Aimed at fostering stability in the financial system, the $20 billion lifeline should be transferred to Bank of America later Friday, according to a senior government official.
Banks receiving TARP funds have been criticized for hoarding the cash to raise capital ratios, rather than lending it to improve the credit situation.
"Legislators raised concerns that we're pulling back on credit," Lewis said. "It is true, our appetite on credit risk is greatly reduced. How could it be otherwise?"
Still, Lewis noted that the bank originated $115 billion in new credit in the fourth quarter, including many new home loans. The bank said demand for mortgages surged in late December as loan rates fell.
Bank of America's shares fell 14% in afternoon trading after dropping 18.4% Thursday. They have fallen 45% so far this week on concerns that the bank -- which had been viewed as one of the strongest in the country -- may be buckling as the nation's economy worsens.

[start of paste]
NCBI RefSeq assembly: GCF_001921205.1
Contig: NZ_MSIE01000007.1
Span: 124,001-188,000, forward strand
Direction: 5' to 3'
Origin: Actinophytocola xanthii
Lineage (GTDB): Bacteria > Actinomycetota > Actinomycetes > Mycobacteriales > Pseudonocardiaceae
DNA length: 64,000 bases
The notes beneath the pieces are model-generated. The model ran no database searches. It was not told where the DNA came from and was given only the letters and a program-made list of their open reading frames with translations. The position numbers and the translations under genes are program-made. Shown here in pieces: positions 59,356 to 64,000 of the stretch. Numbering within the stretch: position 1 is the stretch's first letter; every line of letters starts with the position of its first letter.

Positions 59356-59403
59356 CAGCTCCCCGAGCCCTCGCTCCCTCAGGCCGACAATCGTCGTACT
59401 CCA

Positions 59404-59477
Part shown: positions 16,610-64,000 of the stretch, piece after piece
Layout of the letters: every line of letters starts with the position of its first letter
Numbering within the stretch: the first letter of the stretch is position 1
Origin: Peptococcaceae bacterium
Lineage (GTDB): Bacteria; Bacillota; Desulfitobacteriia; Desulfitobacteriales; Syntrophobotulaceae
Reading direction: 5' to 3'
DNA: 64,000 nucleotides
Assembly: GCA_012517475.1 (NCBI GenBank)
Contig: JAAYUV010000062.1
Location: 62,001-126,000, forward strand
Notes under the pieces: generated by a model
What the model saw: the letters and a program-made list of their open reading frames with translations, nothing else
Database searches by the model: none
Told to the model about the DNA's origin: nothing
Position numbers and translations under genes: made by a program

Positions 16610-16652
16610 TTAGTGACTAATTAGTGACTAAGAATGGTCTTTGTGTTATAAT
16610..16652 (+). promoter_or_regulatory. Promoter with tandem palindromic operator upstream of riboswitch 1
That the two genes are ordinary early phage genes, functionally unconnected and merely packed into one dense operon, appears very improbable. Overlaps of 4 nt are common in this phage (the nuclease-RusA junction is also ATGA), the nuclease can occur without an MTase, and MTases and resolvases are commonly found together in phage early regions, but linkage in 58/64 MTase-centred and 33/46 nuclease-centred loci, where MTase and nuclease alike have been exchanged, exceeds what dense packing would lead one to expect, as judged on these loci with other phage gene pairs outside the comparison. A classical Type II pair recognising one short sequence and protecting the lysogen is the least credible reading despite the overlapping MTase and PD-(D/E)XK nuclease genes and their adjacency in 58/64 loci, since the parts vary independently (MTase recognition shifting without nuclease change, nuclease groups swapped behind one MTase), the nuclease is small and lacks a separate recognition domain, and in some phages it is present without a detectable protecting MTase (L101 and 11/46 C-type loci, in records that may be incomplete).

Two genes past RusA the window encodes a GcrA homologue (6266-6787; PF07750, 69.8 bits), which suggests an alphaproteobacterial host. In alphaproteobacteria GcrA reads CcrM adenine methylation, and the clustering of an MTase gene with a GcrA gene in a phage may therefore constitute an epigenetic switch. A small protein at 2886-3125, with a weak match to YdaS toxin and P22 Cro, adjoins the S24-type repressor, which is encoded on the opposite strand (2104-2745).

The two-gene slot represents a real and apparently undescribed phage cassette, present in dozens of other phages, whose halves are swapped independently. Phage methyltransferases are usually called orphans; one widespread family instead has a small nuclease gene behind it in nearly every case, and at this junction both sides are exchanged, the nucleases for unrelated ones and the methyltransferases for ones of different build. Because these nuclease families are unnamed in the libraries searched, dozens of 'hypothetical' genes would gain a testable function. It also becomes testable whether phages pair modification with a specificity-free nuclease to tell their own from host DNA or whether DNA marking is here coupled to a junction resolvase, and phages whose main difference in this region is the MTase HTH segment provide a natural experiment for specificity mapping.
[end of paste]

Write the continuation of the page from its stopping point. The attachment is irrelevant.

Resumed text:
The Charlotte, N.C.-based bank has also taken over two ailing companies that thrust it deeper into the most troubled sectors of the financial system. Not only did it take a big gamble on its $24 billion acquisition of the faltering brokerage titan, but it also bought battered mortgage lender Countrywide Financial early last year.
Bank of America already has announced it plans to shed up to 35,000 jobs over the next three years as it integrates the Wall Street firm. Chief Executive Ken Lewis gave up his 2008 bonus last week.
Officials didn't disclose whether other troubled banks would need similar assistance. "Each time we do one of these, we hope it's the last one we will ever have to do," one official said.
The Treasury Department has less than $60 billion left to inject into banks under its capital purchase program. President-elect Barack Obama on Thursday secured access to the $350 billion remaining in the federal bailout package, after a measure that would have blocked the funds' release failed in the Senate.
Some analysts say banks are likely to get additional capital infusions this year. Federal Reserve Chairman Ben Bernanke said Tuesday that the government must pump more money into troubled financial institutions and that further guarantees of their debt could be necessary.